You may have heard about some important new rules that were implemented this year for MLB. These rule changes have inspired many conversations between fans at the stadiums and home. To help you join the conversation here are the new rules and the impact of these rules on the game.
- Pitch timer: A pitch clock will enforce 30 seconds between batters, 15 seconds between pitches with bases empty and 20 seconds between pitches with runners on.
- Defensive shift limits: A minimum of four players must be on the infield with at least two on either side of second base.
- Bigger bases: First, second and third base have been expanded to 18 inches on each side.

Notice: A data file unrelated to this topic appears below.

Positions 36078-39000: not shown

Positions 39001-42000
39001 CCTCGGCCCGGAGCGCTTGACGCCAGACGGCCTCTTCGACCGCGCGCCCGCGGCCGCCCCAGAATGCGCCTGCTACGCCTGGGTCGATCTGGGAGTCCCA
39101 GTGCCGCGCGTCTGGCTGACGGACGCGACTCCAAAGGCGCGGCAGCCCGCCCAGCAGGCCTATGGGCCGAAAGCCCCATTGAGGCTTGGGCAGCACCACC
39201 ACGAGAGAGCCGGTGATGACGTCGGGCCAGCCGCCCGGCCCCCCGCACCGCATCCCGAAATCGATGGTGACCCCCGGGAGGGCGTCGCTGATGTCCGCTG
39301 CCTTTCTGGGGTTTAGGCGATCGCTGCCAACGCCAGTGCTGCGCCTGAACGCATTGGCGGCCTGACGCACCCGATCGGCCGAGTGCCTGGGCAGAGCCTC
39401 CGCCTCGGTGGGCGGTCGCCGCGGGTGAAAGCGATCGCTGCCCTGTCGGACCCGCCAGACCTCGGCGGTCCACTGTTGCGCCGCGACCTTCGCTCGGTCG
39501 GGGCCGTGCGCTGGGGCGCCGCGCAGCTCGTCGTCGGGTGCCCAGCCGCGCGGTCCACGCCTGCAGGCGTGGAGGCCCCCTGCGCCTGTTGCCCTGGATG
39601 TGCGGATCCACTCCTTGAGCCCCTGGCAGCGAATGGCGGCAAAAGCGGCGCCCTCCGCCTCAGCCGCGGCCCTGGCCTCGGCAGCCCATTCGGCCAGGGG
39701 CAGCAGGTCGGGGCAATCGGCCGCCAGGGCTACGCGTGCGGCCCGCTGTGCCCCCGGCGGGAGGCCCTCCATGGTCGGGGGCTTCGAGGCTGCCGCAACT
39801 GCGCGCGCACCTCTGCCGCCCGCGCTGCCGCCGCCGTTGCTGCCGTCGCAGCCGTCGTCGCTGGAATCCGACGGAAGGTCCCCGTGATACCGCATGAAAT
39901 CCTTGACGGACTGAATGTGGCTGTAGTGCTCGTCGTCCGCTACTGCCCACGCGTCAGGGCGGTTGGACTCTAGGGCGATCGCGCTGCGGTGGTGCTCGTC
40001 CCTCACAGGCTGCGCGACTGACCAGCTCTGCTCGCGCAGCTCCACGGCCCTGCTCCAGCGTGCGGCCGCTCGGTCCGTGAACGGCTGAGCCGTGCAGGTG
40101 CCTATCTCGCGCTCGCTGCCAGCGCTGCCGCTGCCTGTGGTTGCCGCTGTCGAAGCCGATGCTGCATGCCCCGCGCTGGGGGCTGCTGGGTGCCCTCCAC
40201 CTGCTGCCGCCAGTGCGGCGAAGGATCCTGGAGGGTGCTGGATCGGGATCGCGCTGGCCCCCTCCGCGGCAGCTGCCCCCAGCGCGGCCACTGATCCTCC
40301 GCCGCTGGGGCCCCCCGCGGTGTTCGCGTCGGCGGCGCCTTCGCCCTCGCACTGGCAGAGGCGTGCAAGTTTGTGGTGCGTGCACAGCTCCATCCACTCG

The impact of these changes is that game times are down significantly. For example, on opening day, games took an average of 2 hours and 45 minutes to complete which is 26 minutes faster than the average game time last opening day. According to MLB, the primary point of the defensive shift restrictions is to provide more traditional outcomes on balls in play. No more second basemen stationed in right field, in perfect position to scoop up a ground ball that, for roughly 100 years of baseball history, would have been a single. The defensive shift limits require a minimum of four players to be on the infield with at least two on either side of second base. According to MLB, the bigger bases could have the effect of reducing over-sliding in which a player loses contact with the bag while sliding through it. Another benefit of larger bases should be more infield hits. The larger base not only shortens the distance from home to first, it also shortens the distance that an infielder throws the ball. Given the ball can be thrown 2–3 times faster than the batter can run, that will give a slight advantage to the baserunner.